Conservation subdivision design (CSD) entails a broad range of design principles and parameters that collectively enhance environmental quality, the aesthetics and quality-of-life of residents in the subdivision, and the profitability of the development for the developer. Conservation subdivisions generally reflect a condensing of developed lots on a property to protect environmentally sensitive, agriculturally valuable, or aesthetically/culturally important areas. In the process of condensing lot sizes (lot number may actually increase), lot areas that are often difficult and expensive to build on can be avoided, open space and habitat can be saved, and less infrastructure is required.
- Enhanced stormwater management. CSD protects water quality and manages water quantity by slowing and filtering stormwater runoff through wetlands, biodetention facilities, and best management practices that maximize soil water infiltration and percolation.
- Visual access to open space. Views of open space and nature have been shown to be an important amenity for homebuyers shopping in new developments; CSD typically provides access to natural vistas as an added value to residents.
- Enhanced/protected wildlife habitat . Sensitive site development that minimizes disturbances to streams, steep slopes and sensitive vegetation provides increased opportunities to maintain and enhance habitat.
- Reduced infrastructure construction costs (streets, sewers, etc.). Smaller, sensitively-placed lots require less total land coverage, thereby requiring shorter lengths of utilities and streets to access all lots.
- Large scale land reshaping and grading can usually be avoided. Less grading means the native soil is left in place for better establishment of landscape plantings.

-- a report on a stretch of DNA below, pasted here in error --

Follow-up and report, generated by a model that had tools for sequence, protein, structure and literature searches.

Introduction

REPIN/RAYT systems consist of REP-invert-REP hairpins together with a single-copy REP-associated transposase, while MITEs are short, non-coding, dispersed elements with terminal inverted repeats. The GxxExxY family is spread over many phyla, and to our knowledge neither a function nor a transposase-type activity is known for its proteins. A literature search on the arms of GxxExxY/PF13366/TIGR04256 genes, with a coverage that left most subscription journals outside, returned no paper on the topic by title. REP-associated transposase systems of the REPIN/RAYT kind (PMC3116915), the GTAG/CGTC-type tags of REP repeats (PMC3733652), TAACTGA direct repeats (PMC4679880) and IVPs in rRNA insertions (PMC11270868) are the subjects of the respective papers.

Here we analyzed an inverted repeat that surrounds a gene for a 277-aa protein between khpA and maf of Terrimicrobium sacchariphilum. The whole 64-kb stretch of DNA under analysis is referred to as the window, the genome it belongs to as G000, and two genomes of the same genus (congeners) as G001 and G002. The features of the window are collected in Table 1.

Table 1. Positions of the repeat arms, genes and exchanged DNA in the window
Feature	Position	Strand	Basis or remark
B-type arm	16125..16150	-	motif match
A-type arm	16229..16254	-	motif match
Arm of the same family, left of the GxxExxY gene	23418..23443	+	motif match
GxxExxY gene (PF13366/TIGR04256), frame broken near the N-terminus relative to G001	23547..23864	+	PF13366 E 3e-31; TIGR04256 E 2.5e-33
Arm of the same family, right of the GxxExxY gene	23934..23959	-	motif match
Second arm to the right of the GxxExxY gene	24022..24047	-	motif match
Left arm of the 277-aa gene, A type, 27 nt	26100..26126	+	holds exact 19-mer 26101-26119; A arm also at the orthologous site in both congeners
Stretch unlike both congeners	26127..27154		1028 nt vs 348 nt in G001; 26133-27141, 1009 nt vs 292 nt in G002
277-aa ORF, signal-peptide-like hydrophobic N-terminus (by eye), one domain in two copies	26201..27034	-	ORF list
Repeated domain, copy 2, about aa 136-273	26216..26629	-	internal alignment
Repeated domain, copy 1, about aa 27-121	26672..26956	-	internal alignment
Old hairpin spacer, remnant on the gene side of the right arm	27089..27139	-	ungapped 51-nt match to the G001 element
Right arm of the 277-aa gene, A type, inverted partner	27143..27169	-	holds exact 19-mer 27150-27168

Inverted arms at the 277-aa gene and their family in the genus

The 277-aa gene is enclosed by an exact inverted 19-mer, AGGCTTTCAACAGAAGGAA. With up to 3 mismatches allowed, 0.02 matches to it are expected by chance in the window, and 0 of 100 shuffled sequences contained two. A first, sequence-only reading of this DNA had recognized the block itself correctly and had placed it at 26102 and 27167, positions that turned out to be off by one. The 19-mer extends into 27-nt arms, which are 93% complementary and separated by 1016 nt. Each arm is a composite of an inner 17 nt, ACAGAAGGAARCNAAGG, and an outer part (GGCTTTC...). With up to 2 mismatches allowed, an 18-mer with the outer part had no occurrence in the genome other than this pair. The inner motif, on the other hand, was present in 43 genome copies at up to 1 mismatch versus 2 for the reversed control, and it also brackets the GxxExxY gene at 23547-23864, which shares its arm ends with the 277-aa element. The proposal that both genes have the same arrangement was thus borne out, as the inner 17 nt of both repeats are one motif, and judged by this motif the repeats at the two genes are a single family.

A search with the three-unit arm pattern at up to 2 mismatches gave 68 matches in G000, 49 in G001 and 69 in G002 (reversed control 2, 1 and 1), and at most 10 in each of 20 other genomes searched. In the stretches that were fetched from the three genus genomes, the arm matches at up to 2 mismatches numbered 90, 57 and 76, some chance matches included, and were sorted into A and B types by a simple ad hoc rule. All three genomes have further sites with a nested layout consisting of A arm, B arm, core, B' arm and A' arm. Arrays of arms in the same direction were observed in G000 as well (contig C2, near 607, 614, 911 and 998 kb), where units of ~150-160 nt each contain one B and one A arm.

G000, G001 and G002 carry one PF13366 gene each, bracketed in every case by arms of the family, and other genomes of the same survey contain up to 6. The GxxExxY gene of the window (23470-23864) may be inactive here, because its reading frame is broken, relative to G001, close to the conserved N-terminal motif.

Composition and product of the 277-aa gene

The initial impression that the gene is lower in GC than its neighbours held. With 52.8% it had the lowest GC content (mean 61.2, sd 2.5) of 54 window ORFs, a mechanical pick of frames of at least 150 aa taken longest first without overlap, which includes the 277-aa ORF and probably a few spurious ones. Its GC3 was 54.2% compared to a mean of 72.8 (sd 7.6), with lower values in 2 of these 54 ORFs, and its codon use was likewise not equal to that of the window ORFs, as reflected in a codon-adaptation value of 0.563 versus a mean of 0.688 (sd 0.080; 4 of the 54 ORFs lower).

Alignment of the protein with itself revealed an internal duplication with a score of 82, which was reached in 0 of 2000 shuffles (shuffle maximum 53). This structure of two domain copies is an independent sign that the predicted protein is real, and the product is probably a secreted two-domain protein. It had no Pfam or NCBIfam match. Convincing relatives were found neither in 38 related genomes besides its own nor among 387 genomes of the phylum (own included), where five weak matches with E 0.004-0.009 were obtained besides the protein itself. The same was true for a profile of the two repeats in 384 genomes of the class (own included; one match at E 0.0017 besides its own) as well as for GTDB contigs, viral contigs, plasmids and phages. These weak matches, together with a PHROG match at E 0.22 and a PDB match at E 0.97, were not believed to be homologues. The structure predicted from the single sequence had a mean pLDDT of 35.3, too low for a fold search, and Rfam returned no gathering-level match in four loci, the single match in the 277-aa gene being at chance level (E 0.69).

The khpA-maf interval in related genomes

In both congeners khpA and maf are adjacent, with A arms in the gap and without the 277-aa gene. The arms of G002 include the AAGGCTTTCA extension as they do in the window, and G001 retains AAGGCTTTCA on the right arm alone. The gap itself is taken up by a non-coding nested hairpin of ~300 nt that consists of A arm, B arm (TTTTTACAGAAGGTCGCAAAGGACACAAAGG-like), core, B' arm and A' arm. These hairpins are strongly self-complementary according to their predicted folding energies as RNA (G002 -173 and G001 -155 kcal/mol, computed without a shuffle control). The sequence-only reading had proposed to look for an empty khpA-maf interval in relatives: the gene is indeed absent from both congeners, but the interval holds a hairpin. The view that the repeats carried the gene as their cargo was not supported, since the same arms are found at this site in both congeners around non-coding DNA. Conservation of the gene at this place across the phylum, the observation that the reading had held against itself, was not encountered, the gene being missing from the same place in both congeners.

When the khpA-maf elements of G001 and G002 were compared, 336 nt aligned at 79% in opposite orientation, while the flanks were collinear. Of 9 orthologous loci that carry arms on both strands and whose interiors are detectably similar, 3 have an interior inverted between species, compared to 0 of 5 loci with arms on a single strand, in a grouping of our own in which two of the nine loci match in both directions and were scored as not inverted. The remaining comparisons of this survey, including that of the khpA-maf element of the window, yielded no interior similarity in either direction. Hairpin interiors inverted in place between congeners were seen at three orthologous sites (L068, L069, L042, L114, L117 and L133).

- Reduced maintenance costs. Maintenance is a fact of life for any development, but basic CSD principles can reduce overall costs if effectively applied. Examples include less maintenance for narrower shorter streets, fewer problems with soil erosion/sedimentation as a result of sensitive site design, and lower costs associated with use of native/adapted landscape plants that can require significantly fewer inputs (labor, pesticides, etc.) than traditional plantings.
- Enhanced profit potential for land owner. Many successful CSD projects have shown that net profit per lot increases when CSD principles are appropriately applied and implemented.
Key Considerations for Conservation Subdivision Development Summary document by Steven Rodie, ASLA.*
The Conservation Subdivison Design Process Southeastern Wisconsin Regional Planning Commission
Conservation Design for Subdivisions by Randall Arendt. A highly-recommended book on the topic.
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Information presented within the Stormwater Management section of this Water Web site has been reviewed by University of Nebraska - Lincoln Stormwater Management Team members Katie Pekarek, Kelly Feehan, Thomas Franti, Steven Rodie and Richard Sutton.
Examples and Case Studies of Conservation Subdivisions:
Prairie Crossing, Illinois Images:
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*Document in pdf format. You will need the Acrobat Reader to read or print. Download free.